Our supplementary report provides examples of Chinese domiciled companies that have operations overseas that have allegedly been involved in serious violations of the ICESCR in other countries. The lack of Chinese regulation or oversight of these companies has meant that there is no accountability for these human rights abuses.
Many Chinese companies operating overseas are SOEs and therefore acting under the State’s authority. Clearly the PRC has Covenant obligations to respect and protect human rights in respect of those entities’ overseas operations.
For instance Chinese transnational corporation Sinohydro which is wholly owned by the State is a partner in a hydroelectric dam construction project in Honduras, which has involved violent forced evictions in contravention of international law and violations of the rights to food, water and indigenous people’s rights. The projects failed to consult with local communities or obtain their free, prior and informed consent to the taking of their traditional lands, leading to loss of livelihoods and forcing the community into poverty.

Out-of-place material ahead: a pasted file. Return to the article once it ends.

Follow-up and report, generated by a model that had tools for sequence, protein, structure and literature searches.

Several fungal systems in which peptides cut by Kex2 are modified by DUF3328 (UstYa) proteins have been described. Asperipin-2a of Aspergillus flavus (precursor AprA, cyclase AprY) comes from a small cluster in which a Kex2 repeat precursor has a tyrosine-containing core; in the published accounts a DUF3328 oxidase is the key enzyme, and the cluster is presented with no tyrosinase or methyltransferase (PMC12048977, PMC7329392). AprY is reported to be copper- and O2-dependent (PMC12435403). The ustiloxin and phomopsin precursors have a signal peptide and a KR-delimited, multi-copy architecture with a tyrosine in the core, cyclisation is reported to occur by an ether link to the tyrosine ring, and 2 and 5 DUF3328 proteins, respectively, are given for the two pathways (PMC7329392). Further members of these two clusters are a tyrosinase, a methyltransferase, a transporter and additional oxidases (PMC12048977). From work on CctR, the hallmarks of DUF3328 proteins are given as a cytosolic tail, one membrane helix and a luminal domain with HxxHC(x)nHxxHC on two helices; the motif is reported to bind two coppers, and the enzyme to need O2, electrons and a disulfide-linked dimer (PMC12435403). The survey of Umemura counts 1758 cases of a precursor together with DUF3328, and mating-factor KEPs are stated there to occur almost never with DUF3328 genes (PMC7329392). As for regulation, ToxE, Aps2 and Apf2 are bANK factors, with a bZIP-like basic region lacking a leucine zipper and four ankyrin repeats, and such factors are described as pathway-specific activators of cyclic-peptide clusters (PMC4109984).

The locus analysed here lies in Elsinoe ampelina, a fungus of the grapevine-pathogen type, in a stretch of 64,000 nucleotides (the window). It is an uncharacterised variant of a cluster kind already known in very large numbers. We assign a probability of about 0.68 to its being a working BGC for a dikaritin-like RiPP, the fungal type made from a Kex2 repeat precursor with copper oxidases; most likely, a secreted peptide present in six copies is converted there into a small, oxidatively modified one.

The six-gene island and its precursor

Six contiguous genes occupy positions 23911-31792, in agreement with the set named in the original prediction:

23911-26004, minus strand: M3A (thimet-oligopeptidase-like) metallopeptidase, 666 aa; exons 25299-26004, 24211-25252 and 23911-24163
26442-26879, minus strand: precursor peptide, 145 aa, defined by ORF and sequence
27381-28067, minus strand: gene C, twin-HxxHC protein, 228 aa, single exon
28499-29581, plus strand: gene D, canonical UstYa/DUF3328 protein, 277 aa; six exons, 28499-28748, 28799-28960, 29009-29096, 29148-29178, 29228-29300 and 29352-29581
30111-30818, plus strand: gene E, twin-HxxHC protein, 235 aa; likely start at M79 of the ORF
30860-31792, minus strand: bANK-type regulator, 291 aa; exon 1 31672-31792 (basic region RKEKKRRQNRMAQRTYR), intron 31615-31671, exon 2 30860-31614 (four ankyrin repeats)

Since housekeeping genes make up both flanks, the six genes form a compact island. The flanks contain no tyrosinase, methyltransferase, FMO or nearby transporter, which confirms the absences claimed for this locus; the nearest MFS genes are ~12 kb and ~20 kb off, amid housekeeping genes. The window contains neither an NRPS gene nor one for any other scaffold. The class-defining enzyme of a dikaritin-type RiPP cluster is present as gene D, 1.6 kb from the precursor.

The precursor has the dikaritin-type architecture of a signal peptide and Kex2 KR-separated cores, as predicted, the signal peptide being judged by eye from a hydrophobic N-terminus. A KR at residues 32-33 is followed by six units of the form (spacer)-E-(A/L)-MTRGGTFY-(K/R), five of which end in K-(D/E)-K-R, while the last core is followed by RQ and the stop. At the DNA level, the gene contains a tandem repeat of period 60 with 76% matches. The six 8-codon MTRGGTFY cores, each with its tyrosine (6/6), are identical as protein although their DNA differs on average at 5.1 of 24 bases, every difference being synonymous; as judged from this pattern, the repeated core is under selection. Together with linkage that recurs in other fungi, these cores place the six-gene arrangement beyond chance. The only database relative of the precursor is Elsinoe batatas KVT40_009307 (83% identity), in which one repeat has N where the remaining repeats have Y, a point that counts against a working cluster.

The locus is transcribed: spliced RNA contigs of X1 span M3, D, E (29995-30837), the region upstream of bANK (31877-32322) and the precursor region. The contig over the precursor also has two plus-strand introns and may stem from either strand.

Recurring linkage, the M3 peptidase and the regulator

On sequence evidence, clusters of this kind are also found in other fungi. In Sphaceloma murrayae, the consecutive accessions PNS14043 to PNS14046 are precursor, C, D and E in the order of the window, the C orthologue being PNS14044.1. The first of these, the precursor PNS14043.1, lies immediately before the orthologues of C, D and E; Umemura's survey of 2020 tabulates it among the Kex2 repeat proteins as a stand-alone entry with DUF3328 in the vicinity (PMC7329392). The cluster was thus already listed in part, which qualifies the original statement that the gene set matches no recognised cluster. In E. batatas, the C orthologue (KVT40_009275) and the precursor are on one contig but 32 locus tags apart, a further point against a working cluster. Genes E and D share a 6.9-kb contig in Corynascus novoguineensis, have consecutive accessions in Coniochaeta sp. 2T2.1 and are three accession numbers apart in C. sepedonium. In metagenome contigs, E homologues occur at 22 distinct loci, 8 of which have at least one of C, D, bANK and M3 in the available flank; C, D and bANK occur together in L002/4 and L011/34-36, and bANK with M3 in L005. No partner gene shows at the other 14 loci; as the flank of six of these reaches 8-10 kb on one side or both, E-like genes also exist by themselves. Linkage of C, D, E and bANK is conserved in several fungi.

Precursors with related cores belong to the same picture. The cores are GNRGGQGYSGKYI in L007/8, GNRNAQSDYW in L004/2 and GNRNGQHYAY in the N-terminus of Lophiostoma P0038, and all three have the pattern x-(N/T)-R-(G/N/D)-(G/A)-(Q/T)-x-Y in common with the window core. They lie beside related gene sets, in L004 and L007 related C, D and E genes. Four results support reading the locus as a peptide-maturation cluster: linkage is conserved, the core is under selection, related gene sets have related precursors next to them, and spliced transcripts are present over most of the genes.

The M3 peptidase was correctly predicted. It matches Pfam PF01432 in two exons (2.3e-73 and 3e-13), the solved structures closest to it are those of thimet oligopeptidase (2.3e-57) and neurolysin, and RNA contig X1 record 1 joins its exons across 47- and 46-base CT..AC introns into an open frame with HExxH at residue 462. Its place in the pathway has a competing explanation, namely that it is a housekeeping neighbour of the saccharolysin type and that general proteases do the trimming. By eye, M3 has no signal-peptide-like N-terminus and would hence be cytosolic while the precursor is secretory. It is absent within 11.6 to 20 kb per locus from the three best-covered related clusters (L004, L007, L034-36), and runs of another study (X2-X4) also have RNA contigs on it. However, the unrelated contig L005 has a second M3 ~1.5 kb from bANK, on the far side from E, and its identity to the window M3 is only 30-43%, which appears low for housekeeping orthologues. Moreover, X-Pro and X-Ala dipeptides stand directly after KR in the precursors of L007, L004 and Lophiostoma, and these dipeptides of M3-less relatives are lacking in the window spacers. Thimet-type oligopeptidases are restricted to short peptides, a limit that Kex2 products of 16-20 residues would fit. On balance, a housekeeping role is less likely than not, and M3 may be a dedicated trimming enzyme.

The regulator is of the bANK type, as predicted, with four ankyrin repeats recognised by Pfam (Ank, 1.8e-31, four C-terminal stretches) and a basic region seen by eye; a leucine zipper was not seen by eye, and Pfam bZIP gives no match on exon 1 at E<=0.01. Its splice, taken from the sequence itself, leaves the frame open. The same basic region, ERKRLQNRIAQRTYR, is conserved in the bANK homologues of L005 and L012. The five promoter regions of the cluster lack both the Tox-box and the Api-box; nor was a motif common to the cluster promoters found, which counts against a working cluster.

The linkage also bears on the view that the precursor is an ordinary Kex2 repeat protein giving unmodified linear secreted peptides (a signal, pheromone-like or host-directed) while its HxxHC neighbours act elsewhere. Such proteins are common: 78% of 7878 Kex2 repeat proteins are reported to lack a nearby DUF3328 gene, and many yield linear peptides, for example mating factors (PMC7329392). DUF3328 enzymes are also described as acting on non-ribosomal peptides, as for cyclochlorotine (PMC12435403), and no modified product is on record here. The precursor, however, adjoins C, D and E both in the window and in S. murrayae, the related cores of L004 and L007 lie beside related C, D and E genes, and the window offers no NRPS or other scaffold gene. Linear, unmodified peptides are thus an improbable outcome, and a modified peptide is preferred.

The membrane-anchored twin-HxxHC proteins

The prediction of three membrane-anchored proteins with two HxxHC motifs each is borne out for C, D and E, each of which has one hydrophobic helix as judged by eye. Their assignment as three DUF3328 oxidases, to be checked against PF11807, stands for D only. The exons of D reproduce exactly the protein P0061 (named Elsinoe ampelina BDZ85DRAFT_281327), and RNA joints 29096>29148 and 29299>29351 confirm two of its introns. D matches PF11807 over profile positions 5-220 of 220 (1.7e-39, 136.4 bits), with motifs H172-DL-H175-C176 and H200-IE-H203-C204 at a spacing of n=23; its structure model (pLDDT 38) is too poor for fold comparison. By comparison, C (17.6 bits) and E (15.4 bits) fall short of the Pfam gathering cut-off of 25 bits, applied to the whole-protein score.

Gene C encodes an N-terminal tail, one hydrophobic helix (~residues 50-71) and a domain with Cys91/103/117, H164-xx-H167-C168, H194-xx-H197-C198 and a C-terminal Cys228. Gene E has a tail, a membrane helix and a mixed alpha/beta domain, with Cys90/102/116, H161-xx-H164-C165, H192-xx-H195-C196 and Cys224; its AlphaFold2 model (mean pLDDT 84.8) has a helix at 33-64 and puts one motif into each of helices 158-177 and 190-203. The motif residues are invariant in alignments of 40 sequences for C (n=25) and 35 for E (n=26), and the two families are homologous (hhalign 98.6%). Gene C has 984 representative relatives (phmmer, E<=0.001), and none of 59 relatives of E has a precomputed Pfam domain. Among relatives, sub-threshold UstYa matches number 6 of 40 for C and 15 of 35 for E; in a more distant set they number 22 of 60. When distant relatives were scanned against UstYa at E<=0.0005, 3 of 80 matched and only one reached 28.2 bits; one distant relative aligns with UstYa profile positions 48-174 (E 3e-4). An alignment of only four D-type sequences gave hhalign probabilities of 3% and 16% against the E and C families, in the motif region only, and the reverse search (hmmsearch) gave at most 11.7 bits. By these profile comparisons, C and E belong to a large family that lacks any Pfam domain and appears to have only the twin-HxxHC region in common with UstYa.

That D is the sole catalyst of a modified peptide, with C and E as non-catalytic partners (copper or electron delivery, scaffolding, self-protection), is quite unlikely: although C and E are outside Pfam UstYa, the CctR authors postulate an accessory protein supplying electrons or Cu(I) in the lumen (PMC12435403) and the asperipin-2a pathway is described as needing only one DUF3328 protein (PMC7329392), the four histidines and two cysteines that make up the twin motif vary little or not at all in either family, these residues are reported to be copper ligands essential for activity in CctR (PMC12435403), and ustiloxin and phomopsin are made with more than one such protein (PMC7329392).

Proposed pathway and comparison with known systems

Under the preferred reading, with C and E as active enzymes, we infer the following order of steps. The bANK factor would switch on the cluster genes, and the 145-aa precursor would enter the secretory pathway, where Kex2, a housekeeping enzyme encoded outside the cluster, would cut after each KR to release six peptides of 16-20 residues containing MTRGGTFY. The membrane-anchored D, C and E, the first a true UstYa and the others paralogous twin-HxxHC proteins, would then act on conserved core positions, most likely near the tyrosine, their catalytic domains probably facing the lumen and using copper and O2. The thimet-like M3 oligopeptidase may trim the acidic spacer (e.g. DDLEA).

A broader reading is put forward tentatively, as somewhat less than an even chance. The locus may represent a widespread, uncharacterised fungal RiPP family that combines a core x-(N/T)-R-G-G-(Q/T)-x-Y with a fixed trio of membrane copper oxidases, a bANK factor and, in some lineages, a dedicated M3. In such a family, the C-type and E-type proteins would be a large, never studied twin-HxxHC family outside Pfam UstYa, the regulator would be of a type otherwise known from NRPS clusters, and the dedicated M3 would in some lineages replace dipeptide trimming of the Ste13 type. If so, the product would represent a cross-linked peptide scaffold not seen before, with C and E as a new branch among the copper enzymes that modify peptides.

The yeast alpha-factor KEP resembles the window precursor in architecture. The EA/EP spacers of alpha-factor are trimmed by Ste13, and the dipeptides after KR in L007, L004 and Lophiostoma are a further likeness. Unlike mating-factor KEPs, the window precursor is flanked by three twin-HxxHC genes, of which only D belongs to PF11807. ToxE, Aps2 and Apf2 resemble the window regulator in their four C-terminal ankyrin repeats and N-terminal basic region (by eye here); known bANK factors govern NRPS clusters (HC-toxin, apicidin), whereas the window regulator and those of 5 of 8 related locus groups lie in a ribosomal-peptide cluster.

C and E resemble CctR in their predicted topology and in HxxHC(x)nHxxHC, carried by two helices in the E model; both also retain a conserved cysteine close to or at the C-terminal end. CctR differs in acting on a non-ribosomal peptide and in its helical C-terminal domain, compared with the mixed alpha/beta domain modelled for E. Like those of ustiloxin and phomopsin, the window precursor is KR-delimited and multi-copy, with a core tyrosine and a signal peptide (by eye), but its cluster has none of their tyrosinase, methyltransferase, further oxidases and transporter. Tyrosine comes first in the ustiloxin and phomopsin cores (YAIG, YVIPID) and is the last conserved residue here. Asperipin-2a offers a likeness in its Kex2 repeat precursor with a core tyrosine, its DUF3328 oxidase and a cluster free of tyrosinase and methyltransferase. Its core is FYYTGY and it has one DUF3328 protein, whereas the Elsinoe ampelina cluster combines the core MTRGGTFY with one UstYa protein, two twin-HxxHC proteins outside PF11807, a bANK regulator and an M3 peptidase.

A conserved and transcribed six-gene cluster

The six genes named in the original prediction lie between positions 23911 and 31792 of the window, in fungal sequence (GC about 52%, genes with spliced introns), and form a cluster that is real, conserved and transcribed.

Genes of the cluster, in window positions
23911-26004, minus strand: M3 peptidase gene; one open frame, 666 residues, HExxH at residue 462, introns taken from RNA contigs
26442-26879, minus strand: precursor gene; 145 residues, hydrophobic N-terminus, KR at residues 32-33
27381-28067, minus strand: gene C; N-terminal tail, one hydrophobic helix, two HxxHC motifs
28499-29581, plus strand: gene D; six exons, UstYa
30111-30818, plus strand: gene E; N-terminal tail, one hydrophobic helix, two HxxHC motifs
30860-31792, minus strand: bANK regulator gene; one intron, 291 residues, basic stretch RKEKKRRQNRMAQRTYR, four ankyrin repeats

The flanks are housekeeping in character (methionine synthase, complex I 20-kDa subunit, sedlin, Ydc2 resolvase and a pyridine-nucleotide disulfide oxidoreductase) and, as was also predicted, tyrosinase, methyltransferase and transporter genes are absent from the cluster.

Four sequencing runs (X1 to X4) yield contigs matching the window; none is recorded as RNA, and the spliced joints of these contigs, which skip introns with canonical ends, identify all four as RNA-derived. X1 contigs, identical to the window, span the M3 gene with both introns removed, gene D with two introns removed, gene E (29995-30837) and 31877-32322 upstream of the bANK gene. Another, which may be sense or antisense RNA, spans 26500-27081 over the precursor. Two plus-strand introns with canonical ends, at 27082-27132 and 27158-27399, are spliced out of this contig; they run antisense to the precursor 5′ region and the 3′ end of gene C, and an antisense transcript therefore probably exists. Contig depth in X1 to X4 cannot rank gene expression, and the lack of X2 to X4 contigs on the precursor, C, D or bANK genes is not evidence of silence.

We urge the Committee to affirm China’s extra-territorial obligations to respect and to protect Covenant rights abroad by, inter alia, regulating the activities of business entities domiciled in its territory, including State-Owned entities, for activities undertaken abroad and to ensure that accountability mechanisms and remedies are available to victims of those violations.
International development assistance and investments
The financial support and other development decisions of international financial institutions and investment entities such as the proposed BRICs Development Bank and the China Africa Development Fund can both contribute to the fulfillment of human rights as well as result in violations of human rights outside the territories of the member States.
Our report provides examples of serious ICESCR violations associated with development projects funded and supervised by Chinese State-Owned development and investment entities. In part as a consequence of the PRC’s lack of human rights regulation, human rights impact assessment, monitoring mechanisms and complaints mechanism, there has been no accountability for those human rights abuses.